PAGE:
Security patches are not updated in Centos 7

A security supplier has identified vulnerabilities due to using httpd < 2.4.54.

I explained that its an old version but it is patched for security updated.

but when I ran rpm -q --changelog httpd | grep CVE, I get the below which is quite outdated…

So why is it not patched anymore? I thought Centos 7 end of life is June 30, 2024

I have other software reported outdated too, so could be others not just httpd.

SYSTEM INFORMATION
CentOS Linux 7.9.2009
Webmin version: 1.994
Virtualmin version: 7.1
`[]  rpm -q --changelog httpd | grep CVE,`
- Resolves: #2031072 - **CVE**-2021-34798 httpd: NULL pointer dereference via
- Resolves: #2031074 - **CVE**-2021-39275 httpd: out-of-bounds write in
- Resolves: #1969226 - **CVE**-2021-26691 httpd: Heap overflow in mod_session
- Resolves: #2035058 - **CVE**-2021-44790 httpd: mod_lua: possible buffer overflow
- Resolves: #2015694 - proxy rewrite to unix socket fails with **CVE**-2021-40438 fix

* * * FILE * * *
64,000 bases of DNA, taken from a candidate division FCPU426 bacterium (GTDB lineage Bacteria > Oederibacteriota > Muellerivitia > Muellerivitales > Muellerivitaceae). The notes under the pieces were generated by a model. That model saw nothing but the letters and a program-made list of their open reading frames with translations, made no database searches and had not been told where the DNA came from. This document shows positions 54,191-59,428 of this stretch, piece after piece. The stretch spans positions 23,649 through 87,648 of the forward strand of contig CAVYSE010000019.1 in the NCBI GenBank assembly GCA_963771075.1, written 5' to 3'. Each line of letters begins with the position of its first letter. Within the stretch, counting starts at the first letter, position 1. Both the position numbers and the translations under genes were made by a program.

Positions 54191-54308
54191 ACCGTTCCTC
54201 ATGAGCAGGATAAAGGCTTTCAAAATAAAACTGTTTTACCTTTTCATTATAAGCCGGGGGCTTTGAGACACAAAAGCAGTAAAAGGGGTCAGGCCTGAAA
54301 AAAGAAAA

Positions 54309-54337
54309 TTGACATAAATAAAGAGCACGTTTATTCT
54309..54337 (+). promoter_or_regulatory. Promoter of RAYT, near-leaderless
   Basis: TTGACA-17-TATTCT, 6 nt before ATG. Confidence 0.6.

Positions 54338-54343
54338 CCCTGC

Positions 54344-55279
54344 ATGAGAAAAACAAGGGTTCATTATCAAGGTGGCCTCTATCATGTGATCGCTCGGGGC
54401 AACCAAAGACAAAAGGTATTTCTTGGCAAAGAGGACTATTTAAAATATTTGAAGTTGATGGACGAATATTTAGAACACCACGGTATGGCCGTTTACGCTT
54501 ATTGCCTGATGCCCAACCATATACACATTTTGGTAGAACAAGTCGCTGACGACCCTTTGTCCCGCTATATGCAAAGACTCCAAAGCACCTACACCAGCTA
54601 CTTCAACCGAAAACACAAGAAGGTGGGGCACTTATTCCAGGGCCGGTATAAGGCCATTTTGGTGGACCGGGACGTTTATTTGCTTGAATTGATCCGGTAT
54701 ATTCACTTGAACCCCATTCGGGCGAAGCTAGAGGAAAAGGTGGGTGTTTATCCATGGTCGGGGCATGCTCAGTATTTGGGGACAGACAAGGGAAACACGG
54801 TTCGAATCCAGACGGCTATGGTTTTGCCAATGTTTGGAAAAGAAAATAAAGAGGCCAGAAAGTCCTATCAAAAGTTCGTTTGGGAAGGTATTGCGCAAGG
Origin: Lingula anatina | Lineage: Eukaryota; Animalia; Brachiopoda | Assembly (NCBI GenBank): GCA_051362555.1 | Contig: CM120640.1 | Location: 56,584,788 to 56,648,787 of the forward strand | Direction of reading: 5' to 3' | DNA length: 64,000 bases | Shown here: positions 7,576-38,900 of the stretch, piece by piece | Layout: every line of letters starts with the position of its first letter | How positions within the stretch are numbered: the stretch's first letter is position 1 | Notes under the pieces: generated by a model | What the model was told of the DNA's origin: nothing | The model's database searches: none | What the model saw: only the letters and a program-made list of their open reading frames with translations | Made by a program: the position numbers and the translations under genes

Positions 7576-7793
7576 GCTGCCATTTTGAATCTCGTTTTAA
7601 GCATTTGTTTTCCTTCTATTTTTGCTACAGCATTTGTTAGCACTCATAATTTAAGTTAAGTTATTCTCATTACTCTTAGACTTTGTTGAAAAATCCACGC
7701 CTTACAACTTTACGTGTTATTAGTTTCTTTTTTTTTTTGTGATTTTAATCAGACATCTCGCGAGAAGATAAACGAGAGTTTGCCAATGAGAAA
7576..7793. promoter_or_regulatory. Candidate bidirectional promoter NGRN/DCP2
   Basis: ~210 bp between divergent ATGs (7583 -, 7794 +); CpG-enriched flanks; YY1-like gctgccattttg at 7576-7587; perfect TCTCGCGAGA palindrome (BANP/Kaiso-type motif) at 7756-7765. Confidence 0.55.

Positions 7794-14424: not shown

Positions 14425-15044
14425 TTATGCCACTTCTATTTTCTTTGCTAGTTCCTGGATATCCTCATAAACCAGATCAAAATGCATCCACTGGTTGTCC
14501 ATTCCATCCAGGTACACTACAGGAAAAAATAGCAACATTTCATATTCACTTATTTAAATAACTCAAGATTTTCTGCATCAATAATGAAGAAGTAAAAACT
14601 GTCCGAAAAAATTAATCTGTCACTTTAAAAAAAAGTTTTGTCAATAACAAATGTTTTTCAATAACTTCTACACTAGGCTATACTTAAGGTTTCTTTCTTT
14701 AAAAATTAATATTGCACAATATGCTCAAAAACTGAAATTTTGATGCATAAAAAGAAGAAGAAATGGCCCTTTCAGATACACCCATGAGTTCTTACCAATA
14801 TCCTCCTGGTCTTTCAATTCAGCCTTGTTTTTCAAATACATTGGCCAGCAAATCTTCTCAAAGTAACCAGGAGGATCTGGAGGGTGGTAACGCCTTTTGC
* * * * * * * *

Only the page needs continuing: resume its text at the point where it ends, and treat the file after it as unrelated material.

- Resolves: #2011729 - **CVE**-2021-40438 httpd: mod_proxy: SSRF via a crafted
- Resolves: #1823262 - **CVE**-2020-1934 httpd: mod_proxy_ftp use of uninitialized
- Resolves: #1565491 - **CVE**-2017-15715 httpd: <FilesMatch> bypass with a trailing
- Resolves: #1747283 - **CVE**-2019-10098 httpd: mod_rewrite potential open redirect
- Resolves: #1565457 - **CVE**-2018-1303 httpd: Out of bounds read in
- Resolves: #1566531 - **CVE**-2018-1283 httpd: Improper handling of headers in
- Resolves: #1677496 - **CVE**-2018-17199 httpd: mod_session_cookie does not respect
- Resolves: #1565465 - **CVE**-2017-15710 httpd: Out of bound write in